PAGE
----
Where do Hong Kong’s feral cattle come from?

Case study: Analysis of Hong Kong feral cattle reveals ancient origins.

Hong Kong feral cattle Fig 1

Fig 1. Hong Kong feral cattle. A) Local cattle used as draught power in Yuen Long field in Hong Kong, ca.1960, and B) wandering in Yuen Long Dam Road Museum, ca.1950. C-D) Hong Kong feral cattle animals from the herd of Twa Ku Ling government farm (Photographs: Thomson MUI).

Although Hong Kong is one of the most densely populated regions in the world, it is mainly forest, and in that forest is a remnant cattle population of uncertain origin.

An international team of scientists including University of Adelaide researchers carried out an analysis of genotypes from 21 of these Hong Kong cattle, along with those from 703 individuals of 36 cattle populations of European, African taurine and Asian origin, and three other cattle species.

The starting dataset contained ~50k genotypes but because of ascertainment bias – the genotype chip was designed for taurine cattle and did not capture the other animals well – was eventually reduced to ~4k genotypes.


Admixture analysis of the first 10 K solutions for 37 cattle populations

Fig 2. Admixture analysis of the first 10 K solutions for the 37 cattle populations. Hong Kong cattle are labelled HKF. Larger image. For population abbreviations see Table 1.

The Hong Kong cattle (HKF) separate out from taurine and indicine cattle very early, along with the other species (Fig 2, K = 3). At K = 4, HKF had ~30% wild Asian ancestry, with the remainder a combination of European taurine and Asian indicine ancestry. Ultimately, we assigned HKF ancestry as ~60% European taurine, ~20% indicine, ~10% gaur and ~10% banteng, the latter 2 being other species of cattle. The taurine component comes from European Holstein dairy cattle.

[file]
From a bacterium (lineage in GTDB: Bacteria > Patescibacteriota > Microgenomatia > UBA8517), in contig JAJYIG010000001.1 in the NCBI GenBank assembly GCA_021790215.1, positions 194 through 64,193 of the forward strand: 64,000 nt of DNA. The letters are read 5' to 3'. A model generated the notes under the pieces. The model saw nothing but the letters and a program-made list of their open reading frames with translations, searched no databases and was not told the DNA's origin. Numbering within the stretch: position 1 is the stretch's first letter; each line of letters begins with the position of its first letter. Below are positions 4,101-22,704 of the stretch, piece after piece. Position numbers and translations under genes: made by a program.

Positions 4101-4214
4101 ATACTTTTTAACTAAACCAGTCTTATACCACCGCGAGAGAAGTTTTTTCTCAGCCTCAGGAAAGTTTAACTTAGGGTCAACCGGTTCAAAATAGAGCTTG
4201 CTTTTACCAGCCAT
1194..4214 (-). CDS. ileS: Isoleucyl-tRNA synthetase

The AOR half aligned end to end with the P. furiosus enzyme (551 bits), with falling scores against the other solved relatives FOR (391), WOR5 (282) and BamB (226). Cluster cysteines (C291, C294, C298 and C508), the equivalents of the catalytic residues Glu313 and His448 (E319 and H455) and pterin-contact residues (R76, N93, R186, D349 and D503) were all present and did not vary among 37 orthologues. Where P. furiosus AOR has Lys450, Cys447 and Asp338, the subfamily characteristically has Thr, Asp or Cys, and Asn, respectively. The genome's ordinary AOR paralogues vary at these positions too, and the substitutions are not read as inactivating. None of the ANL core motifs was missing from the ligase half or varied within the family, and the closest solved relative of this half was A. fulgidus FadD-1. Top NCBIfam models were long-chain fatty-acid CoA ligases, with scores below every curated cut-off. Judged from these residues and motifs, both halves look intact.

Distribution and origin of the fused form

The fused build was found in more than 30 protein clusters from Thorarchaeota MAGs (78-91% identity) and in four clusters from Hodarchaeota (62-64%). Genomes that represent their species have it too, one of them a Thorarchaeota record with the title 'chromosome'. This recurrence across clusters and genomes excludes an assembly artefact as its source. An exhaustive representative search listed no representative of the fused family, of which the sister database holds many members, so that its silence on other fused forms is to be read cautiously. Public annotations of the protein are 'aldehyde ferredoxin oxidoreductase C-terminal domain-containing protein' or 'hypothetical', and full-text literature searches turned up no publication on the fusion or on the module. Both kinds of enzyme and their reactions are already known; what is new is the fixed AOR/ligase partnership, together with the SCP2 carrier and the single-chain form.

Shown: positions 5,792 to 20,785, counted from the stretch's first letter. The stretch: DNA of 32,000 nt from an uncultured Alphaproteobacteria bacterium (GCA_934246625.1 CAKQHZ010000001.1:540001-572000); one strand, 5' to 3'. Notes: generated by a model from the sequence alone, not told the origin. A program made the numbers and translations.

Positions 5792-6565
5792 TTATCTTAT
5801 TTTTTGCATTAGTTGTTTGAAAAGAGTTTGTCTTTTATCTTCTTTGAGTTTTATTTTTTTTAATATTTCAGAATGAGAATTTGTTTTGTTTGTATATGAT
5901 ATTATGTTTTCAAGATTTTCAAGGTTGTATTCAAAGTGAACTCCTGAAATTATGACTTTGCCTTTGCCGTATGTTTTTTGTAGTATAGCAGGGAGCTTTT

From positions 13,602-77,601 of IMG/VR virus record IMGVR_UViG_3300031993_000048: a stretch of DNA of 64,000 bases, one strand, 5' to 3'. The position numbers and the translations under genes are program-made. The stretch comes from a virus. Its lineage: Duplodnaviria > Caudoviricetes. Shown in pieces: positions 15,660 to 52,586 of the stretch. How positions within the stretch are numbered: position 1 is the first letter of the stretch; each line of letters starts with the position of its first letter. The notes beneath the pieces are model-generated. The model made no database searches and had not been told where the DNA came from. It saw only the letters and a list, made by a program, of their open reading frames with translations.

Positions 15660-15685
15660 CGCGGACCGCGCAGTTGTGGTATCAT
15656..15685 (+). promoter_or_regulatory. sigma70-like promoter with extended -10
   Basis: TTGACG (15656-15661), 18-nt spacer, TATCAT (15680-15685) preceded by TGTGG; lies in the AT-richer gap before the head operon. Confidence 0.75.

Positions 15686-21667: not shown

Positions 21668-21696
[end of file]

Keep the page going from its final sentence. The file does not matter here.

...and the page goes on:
Our interpretation of this pattern of ancestry is that wild Hong Kong cattle were interbred with Holstein dairy cattle in Hong Kong, hence the high level of Holstein ancestry. The presence of indicine and such high levels of other species in HKF suggests that the non-taurine progenitors of HKF were from a local indicine population, along with introgression from the other species.

However, we cannot rule out that the non-taurine component actually reflects a different domestic cattle domestication event in Southern China, preceded or followed by introgression from other species. The genotype data is too sparse and too biased toward taurine cattle to address this question, so we have now fully sequenced 30 HKF genomes and have begun a deeper analysis to address this question.

Tagged in Case study, Annual Report 2019